Waning Donor Numbers Could Prove a “Huge” Problem For Organizations

Despite more dollars raised, a new report shows fewer people gave in 2018. That could portend disaster unless fundraisers make changes now.
Waning Donor Numbers Could Prove a "Huge" Problem For Organizations

Guest Author: Rasheeda Childress, AssociationsNow

Despite more dollars raised, a new report shows fewer people gave in 2018. That could portend disaster unless fundraisers make changes now.

Fundraising often plays a big role in a nonprofit’s overall financial health. A new report from the Fundraising Effectiveness Project indicates that despite more total dollars given in 2018, danger could lie ahead.

“One of the things is—and I think people really need to be focusing on this—donor retention. We are losing lots of donors,” says Michael Nilsen, vice president of communications and public policy for the Association of Fundraising Professionals, one of the groups that sponsors the FEP. “This is a huge thing.”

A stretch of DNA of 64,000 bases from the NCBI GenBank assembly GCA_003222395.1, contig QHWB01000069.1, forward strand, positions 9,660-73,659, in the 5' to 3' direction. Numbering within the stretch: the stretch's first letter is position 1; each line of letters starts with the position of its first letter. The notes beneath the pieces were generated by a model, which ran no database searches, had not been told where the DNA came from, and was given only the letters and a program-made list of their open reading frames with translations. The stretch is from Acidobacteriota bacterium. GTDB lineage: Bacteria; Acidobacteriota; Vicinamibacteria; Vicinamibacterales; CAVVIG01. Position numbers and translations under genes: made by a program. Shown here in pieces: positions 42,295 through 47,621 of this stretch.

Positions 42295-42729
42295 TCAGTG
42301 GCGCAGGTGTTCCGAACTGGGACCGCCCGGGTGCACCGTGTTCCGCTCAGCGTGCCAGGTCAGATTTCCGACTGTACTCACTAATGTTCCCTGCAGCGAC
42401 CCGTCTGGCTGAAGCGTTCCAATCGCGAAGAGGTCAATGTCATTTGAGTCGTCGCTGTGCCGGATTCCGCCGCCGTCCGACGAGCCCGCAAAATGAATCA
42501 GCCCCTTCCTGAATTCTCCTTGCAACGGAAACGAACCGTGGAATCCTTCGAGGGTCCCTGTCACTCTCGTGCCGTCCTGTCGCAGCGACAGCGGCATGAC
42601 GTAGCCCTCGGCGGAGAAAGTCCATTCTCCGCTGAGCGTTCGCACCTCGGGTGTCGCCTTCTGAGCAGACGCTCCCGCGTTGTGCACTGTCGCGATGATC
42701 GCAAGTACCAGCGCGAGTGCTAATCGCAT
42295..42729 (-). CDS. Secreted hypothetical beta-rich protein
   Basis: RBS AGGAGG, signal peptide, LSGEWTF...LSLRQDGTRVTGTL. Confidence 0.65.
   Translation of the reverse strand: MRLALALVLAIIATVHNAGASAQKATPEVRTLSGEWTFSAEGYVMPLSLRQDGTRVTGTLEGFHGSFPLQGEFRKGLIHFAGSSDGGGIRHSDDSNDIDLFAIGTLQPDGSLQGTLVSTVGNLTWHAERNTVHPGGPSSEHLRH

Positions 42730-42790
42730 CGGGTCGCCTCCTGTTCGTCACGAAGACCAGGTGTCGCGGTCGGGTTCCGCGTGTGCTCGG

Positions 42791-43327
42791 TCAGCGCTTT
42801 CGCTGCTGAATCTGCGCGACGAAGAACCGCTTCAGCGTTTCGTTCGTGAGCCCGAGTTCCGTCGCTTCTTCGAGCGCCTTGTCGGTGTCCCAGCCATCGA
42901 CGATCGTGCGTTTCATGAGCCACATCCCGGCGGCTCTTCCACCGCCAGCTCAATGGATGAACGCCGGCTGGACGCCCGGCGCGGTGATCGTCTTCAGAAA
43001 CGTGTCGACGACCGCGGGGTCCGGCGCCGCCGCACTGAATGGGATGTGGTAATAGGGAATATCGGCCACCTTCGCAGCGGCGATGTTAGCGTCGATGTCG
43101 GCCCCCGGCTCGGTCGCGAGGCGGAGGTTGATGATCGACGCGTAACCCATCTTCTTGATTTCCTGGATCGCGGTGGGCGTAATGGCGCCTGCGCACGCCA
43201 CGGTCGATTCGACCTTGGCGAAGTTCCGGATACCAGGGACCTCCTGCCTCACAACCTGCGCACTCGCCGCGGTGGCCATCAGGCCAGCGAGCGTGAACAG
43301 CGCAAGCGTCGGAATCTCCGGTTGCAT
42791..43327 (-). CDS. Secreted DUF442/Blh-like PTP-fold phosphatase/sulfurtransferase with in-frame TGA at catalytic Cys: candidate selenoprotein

It’s huge because effective fundraising relies on small donors, according to Nilsen. Unfortunately, the FEP 2018 Fourth Quarter Report shows that while the total money raised was up by 1.6 percent, the total number of people giving was down by 4.5 percent. Fewer people giving is a death knell for fundraising.

“We think of giving as a pyramid, and as you cultivate people up, there are fewer of them, but more major donors,” Nilsen says. “We’re going to have a problem if you’re depending on just these large donors.”

Because the idea is to convince smaller donors to become larger donors, it is important to have many individual donors, even if the amounts of money they give are small. “There are people who donate $50 or a $100 every year, and then they die and leave half a million in the will,” Nilsen says.

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